Thursday, November 14, 2013

Library Reads: Ben Sherwood's The Death and Life of Charlie St. Cloud

This is one of those stories where you probably heard of the movie before you did the book. Actually, I had forgotten it was a book till I stumbled across it in the library. Thinking that it looked like a compelling story I picked it up. While the first half of the book really isn't intriguing it does hit it's stride about midway through. I guess I couldn't help thinking though was that this reminded me a lot of Nicholas Sparks, and the endorsement on the back from Sparks doesn't help. It's like Supernatural Sparks.

Summary: Charlie and his brother, Sam, have an unbreakable bond. After a tragic accident almost killed Charlie, and left his brother dead the two can still communicate. Sam appears in a graveyard to Charlie, and Charlie can also see the others that are buried there. Some move on, and others have stayed behind. Charlie meets Tess though. Tess is making an attempt to sail around the world though, so when Charlie learns that Tess shouldn't be where he is seeing her he discovers the truth. Charlie must choose between staying with his brother so he doesn't fade, or seeking out where Tess really is.

Characters:  The characters aren't that interesting to be honest. The women feel like they have been formed from a man's perspective. I would place Tess in basically the same format that all Nicholas Sparks' character read as. About halfway into the novel she begins to take a life that feels more unique, but I found the parts of her interest in sailing a bit boring. The same is said for Charlie. He gets more interesting about midway through, but the baseball discussions just really dragged. I guess it's because these are people I would nothing to talk about with, so it was difficult to read about them outside of their problems they found. To be fair though his characters at least feel like he has tried to really develop them as their own people.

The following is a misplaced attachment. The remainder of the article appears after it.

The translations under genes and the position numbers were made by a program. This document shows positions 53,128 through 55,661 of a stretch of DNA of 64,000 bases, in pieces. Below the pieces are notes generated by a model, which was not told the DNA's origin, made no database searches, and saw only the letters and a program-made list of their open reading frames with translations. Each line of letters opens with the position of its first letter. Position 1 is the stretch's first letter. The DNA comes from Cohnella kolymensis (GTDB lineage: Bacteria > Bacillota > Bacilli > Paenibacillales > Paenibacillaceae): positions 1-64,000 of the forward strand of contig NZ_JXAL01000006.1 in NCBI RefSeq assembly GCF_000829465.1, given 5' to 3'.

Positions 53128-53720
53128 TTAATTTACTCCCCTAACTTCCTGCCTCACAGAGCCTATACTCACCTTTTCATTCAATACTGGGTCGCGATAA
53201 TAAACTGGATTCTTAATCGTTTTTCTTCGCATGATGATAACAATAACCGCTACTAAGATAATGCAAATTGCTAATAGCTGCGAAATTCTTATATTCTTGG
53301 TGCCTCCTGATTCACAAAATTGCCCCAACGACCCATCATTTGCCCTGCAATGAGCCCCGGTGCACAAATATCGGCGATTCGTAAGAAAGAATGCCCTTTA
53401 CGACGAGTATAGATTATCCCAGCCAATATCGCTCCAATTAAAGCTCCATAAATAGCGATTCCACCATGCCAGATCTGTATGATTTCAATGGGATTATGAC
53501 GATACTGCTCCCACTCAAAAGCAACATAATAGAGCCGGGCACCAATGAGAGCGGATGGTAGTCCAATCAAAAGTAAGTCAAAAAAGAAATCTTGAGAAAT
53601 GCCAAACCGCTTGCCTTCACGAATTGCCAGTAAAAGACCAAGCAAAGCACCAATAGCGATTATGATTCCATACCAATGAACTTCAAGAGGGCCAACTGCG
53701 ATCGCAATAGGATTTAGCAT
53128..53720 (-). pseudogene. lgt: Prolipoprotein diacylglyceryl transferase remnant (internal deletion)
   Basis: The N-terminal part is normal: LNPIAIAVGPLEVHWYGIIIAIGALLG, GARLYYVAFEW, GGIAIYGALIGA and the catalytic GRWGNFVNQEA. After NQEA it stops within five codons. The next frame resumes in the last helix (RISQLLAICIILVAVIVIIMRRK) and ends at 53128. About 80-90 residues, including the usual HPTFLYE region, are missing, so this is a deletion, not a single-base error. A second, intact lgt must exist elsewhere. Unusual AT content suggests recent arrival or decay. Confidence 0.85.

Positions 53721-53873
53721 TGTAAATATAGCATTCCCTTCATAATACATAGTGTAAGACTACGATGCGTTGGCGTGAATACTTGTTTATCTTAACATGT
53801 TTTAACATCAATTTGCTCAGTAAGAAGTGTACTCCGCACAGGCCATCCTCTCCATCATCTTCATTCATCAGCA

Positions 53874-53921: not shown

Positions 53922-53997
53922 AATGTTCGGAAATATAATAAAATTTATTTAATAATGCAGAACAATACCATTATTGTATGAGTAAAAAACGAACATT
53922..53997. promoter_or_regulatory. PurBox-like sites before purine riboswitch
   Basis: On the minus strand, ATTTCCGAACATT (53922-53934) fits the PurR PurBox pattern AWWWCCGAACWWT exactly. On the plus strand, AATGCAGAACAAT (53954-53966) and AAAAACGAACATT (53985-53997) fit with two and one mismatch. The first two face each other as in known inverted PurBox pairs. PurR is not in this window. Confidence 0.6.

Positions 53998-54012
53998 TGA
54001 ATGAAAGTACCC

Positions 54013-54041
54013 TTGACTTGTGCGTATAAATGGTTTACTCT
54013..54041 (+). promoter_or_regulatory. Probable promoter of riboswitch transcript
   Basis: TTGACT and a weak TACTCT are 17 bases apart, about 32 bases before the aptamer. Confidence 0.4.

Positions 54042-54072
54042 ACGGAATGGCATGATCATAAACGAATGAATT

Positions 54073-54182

Writing: The writing is good. It's not too wordy, and feels like it is solid. There is a lot more narrative than dialogue though, and naturally the reader is more interested in reading conversations than about descriptions that last pages long. Some parts I had to force myself to stay focused. I do appreciate though how Sherwood's writing does have some passion to it though. I feel that he really is sharing a story that is somehow at home for him. He's not forcing the writing to meet a certain standard, but letting each chapter flow naturally.

Plot: The plot does get intriguing and unique about midway through. I like how he starts with a huge tragedy that catches the reader's interest, and the story never felt so predictable that I knew which way it might go. I was always preparing myself for however it might end. Sam also is a character that intrigued me to read about and I like how he develops along with the other characters. The book is a bit short and at the end you feel a lot is rushed in despite the fact it's just getting good.

Charlie St. Cloud is a good story and I can see why someone had an interest translating it to a movie. There isn't anything like I've read like it. I wish they hadn't tried to sell the book though with Sparks' name stapled to it. He's wrote some good stuff, but I think for a guy like Sherwood you don't want to be compared so early in your novel career that all I can think about is how much it sounds like another author when I'm reading your work. You want it to stand independent.

Rating 7 of 10.

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